How to Make the Best Boiled Eggs

So you’ve discovered farm fresh eggs!  You love the flavor, the freshness, the golden yolks and the way they fry up in a pan.   You feel good about supporting local farms and humane raising of animals.  Perhaps you understand the important role that poultry can play in pest control, weed control and soil health on a diversified farm.  Maybe you appreciate the variety of colors and feel good for supporting species diversity.  Still, your attempts at hard boiled eggs have been coming up short.  You know what I’m talking about.  You follow the directions but can’t get that shell off without taking half the whites with it.  Here are some tips to help you hard cook (and peel) those farm-fresh eggs.

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First of all, your eggs may be just too fresh.  Yes, I did just say that.  Farmers’ markets eliminate the middle steps in getting eggs to customers. Store eggs are washed, packed, cooled, shipped and stored in a temporary warehouse before being shipped again to sit on the grocer’s shelf. Farmers market eggs are washed, packed and cooled.  Then they get sold right to consumers, sometimes within just a few days.  To understand why fresh eggs don’t work well for boiling in the shell, it’s important to look at the properties of the egg shell.

When eggs come out of a hen, they are covered by a protective coating.  Because eggs must be washed before sale in this country, the coating has been removed before you buy the egg.  Once the coating is removed, the permeable egg shell allows air to pass more freely in and out of the egg.  As the egg sits in your refrigerator, some of the carbon dioxide in the egg goes out as oxygen rich air goes in.  This exchange of gases raises the pH of the egg white, which causes the membrane around it to stick less. (reference)  In addition, the egg white shrinks over time, causing the air bubble found at the round bottom of the egg to get larger.  Both of these properties make older eggs easier to peel.  The trade off is that the older whites do not support the yolk as well, so the yolk becomes off-center.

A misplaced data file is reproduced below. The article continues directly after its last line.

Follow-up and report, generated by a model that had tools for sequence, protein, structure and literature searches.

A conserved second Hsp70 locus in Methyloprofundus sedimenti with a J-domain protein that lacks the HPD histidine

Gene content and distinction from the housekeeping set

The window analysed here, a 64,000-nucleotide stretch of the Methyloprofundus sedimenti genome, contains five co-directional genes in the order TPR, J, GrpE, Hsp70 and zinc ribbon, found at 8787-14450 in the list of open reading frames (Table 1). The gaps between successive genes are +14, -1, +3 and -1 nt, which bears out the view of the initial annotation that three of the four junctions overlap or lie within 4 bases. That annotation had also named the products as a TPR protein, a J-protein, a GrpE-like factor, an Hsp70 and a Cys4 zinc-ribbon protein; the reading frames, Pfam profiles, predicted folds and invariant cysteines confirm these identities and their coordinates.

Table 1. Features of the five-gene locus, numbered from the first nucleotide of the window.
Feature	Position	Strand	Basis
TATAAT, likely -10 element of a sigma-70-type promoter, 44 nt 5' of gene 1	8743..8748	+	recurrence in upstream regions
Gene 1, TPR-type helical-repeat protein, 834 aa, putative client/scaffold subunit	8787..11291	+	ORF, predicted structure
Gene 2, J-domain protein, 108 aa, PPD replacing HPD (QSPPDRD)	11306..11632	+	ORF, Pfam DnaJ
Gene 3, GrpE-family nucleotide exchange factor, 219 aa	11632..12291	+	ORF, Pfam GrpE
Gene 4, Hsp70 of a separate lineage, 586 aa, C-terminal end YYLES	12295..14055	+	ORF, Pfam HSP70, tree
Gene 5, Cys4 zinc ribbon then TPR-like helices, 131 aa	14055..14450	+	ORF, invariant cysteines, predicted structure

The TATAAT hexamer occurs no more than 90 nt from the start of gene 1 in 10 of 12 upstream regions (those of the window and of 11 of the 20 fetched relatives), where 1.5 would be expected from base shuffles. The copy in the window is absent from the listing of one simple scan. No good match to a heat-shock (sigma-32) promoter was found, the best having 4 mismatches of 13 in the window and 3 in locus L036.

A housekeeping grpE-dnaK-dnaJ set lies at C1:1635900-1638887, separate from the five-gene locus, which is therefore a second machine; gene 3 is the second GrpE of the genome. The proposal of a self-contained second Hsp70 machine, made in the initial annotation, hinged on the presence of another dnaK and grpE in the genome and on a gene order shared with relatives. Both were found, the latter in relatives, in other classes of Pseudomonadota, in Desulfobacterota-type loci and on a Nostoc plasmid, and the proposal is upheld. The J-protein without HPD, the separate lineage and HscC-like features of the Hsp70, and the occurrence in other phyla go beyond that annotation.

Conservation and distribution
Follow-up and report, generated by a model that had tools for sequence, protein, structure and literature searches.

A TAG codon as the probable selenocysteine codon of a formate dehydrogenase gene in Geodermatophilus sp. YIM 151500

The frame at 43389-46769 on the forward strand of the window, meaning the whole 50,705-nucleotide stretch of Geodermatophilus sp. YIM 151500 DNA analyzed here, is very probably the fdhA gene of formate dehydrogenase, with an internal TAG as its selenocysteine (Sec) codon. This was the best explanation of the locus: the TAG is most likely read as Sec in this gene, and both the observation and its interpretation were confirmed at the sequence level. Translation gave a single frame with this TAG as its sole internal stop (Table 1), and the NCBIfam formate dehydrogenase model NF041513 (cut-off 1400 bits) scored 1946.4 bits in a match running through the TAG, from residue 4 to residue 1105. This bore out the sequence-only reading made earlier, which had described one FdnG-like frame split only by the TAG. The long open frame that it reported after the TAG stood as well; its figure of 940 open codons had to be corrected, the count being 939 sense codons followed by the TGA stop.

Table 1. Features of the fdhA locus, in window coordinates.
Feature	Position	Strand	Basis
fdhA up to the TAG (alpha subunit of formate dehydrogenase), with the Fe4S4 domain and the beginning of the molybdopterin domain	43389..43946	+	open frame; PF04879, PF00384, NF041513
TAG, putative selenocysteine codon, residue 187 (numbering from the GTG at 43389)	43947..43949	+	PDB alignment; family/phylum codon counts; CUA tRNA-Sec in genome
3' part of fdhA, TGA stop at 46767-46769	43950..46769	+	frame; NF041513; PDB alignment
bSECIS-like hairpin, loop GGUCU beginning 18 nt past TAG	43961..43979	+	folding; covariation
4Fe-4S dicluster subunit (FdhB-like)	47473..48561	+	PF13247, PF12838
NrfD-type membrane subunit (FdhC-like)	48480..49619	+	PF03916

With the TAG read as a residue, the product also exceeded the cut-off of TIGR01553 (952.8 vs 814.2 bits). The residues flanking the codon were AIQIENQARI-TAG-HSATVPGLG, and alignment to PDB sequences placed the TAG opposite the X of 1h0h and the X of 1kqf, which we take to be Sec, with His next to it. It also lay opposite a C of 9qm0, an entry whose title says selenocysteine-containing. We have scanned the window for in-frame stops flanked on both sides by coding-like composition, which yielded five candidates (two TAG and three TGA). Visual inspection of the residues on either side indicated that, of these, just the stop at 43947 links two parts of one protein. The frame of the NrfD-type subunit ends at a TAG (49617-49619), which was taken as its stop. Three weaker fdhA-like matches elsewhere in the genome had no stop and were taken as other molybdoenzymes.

Hard-Cooked Eggs How to:

1. Start with the oldest eggs in your fridge (eggs will keep for 5 weeks past the purchase date).  If you wish the yolks to be centered, store the carton on its side in the fridge for about a day.

2. Put the eggs in a single layer in a pan that is large enough to not crowd them too much.

3. Cover the eggs with cool water by about an inch.

4. Turn on the burner and bring the water to a complete boil.  You want it to bubble all over but not be boiling so hard that the eggs roll around.  Boiling too hard will cause the whites to become tough and the yolk to get that green sulfury layer.

5. Remove the pan from the heat while putting a tight fitting lid on it.

6. Allow the eggs to sit covered for 15 – 20 minutes, depending on the size of the eggs.  20 minutes is for jumbo eggs, 15 is for medium.

7. Pour out the hot water and run cold water into the pan.

8. Allow the eggs to sit in the pan of cold water, preferably with the sink running a thin trickle of cold water into the pan, for at least 10 minutes.

9. Refrigerate the eggs or peel and eat.  Unpeeled eggs will keep for a week in the refrigerator.

Peeling Tips:

The eggs peel best in water.  Perhaps you’ve heard the tip of shaking the eggs in the pan of cold water or seen the glass of water video below.  Both tricks do actually work.  Also, start peeling from the large end, where the air bubble is and try to get that inner membrane off with the shell.  You may also place the cooked eggs in the freezer for 3-5 minutes.  The cold will help shrink the whites away from the shell.  Just don’t forget about the eggs in your freezer.

Please share your own tips and tricks in the comments!  Happy cooking!

 

Resources:

http://whatscookingamerica.net/Eggs/BoiledEggs.htm

http://www.edinformatics.com/math_science/science_of_cooking/boiled_eggs.htm

http://www.forbes.com/sites/nadiaarumugam/2012/10/25/why-american-eggs-would-be-illegal-in-a-british-supermarket-and-vice-versa/2/

 

 

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